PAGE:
Baltimore’s acting mayor told legislators Tuesday that the city “is in good hands” until the mayor decides whether to return after abruptly announcing a leave of absence to “focus on her health” amid a political scandal about “self-dealing” book sales.
Mayor Catherine Pugh stepped away Monday, the same day Maryland’s Republican governor asked the state prosecutor to investigate her no-bid book deals, including $500,000 in sales to the University of Maryland Medical System.
After meeting with the city’s state Senate delegation and House delegation chair in Annapolis, acting Mayor Jack Young emphasized that he would act only as a “placeholder” for the embattled mayor and plans to run for City Council president again.
“You know, I’ve been doing this for the last 21 years, making the wheels turn, and it’s going to continue to turn,” he said.
Sen. Antonio Hayes, a Baltimore Democrat, described the circumstances as “frustrating as hell” in the last week of the state’s legislative session, as Baltimore officials often have to overcome tough images and a negative narrative attached to Maryland’s largest city, which struggles with violent crime.
“I hope that she’s doing some real soul searching,” fellow Democratic Sen. Bill Ferguson said of Pugh. “This is such a distraction from where we need to be and the issues that we should be focused on.”
The Baltimore Sun reports Pugh repeatedly sponsored legislation during her time as a Maryland state senator that would’ve benefited the University of Maryland Medical System, which paid Pugh $500,000 for 100,000 copies of her self-published “Healthy Holly” children’s books.
Between 2011 and 2016, Pugh sponsored and co-sponsored several bills that would’ve benefited the system where she was a board member.
In eight bills, Pugh sought to make suing doctors and hospitals for big judgments through malpractice claims harder and to reduce the financial impact of malpractice lawsuits. Those measures — and bills she sponsored to expand the kinds of bonuses insurers can pay health care professionals — were not successful. But the legislature did pass three of Pugh’s bills that allowed telemedicine expansion, a potentially lucrative change.
“It is a clear conflict of interest,” Joanne Antoine, of the government watchdog organization Common Cause, said of Pugh’s legislative proposals while being paid by the system. “This does call into question all of the decisions she made during her term as senator.”
Pugh, her spokesman and her lawyer did not respond to requests for comment on the issue, but last month the mayor noted her legislative proposals applied generally to the hospital industry, not just the University of Medical System.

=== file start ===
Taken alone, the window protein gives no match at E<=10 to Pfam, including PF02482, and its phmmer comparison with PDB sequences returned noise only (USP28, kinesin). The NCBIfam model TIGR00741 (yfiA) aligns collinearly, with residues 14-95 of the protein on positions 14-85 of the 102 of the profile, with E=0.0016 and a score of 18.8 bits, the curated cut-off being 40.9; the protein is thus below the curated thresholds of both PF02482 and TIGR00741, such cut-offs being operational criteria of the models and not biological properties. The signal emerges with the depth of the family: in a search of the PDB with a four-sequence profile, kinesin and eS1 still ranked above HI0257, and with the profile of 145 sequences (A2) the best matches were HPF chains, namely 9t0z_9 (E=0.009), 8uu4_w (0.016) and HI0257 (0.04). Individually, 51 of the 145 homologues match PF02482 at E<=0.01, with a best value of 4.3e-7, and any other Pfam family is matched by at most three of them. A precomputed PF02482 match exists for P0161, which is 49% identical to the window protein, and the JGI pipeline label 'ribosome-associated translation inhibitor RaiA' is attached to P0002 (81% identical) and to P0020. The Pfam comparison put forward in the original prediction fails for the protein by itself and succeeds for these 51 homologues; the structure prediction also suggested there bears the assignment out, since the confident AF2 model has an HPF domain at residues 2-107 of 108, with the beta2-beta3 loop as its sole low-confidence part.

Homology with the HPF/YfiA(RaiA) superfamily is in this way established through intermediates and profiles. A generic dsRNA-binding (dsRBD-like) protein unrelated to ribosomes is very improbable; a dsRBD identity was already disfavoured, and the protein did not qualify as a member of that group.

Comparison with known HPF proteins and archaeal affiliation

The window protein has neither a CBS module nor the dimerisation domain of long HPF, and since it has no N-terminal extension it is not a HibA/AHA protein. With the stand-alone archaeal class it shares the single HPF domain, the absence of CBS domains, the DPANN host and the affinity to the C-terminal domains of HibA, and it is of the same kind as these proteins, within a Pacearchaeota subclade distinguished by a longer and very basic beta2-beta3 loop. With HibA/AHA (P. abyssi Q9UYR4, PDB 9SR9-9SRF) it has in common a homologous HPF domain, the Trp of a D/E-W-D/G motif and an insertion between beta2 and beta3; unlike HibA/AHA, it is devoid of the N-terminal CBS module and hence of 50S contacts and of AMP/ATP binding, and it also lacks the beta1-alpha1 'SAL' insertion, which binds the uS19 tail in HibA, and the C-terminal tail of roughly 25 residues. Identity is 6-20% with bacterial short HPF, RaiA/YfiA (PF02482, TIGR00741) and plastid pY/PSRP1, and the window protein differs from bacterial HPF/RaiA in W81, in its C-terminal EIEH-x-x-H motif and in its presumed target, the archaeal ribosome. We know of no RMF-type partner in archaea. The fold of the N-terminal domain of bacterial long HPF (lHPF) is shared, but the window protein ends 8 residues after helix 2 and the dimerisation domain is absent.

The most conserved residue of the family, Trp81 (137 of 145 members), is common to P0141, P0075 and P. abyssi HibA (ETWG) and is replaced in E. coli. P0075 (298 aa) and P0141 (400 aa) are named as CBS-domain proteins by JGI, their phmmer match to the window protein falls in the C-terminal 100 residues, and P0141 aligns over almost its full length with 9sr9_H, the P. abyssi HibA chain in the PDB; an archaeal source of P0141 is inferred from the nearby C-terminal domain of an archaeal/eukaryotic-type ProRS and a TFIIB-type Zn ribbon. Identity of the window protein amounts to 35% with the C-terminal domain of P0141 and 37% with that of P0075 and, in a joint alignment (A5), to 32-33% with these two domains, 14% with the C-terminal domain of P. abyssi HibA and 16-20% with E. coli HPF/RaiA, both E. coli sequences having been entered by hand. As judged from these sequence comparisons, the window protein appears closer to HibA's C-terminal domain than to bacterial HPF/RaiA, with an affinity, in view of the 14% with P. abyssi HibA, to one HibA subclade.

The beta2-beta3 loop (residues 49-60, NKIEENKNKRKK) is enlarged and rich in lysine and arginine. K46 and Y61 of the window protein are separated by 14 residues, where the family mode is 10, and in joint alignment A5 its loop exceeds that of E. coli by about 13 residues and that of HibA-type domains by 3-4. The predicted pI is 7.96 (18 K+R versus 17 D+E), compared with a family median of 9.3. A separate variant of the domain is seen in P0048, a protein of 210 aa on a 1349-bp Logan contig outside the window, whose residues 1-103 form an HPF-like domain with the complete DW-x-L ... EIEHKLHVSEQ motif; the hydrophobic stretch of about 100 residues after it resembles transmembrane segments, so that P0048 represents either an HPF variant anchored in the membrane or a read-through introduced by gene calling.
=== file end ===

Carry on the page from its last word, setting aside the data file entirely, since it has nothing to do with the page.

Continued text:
“I didn’t carry legislation for UMMS,” Pugh said.
There was no contract behind UMMS’ book deal with Pugh, and the hospital network — one of Maryland’s largest private employers — described some of the purchases as “grants” in federal filings. Pugh, who once sat on a state Senate committee that funded the major health network before becoming mayor, has served on the system’s board since 2001.
One-third of UMMS board members received compensation through the medical system’s arrangements with their businesses. Legislation is pending in Maryland’s capital focusing on board governance.
Since the arrangement with UMMS came to light last month, Pugh has stepped down from the volunteer board and returned her most recent payment of $100,000 for the books.
Health care provider Kaiser Permanente also spent $100,000 on Pugh’s books after she became mayor, when the company was seeking a contract with the city.
The Baltimore Sun also reported that CareFirst BlueCross BlueShield, another city health provider, effectively bought Pugh’s roughly 20-page illustrated books for $14,500 in 2011 and 2014. In a subsequent email, a CareFirst spokesman said it made contributions to Associated Black Charities, a nonprofit that manages the city’s Children and Youth Fund, to fund its purchase and distribution of books.
Associated Black Charities said in a statement that between 2011 and 2016, five organizations donated $87,180 to pay for the books, of which ABC kept $9,552 to use as “general support.”
Pugh’s announcement that she would take leave from her post as mayor came Monday, the same day that Republican Gov. Larry Hogan asked the state prosecutor to investigate.
Attorney Steve Silverman said the mayor looked “forward to cooperating with the state prosecutor and providing as much information as possible to put this matter to rest.”
Much more intellectual than stealing gift cards in the mistaken belief they were bribes. And she had lots of help on this, as the books were “sold” to major corporate bodies (a leading health care provider with a major contact with the city, and a state agency she was on the board of).
Is this money simply royalty for the product but the expense of actually printing the books was over and above the money given? Or, is the money the full price for buying the printed books?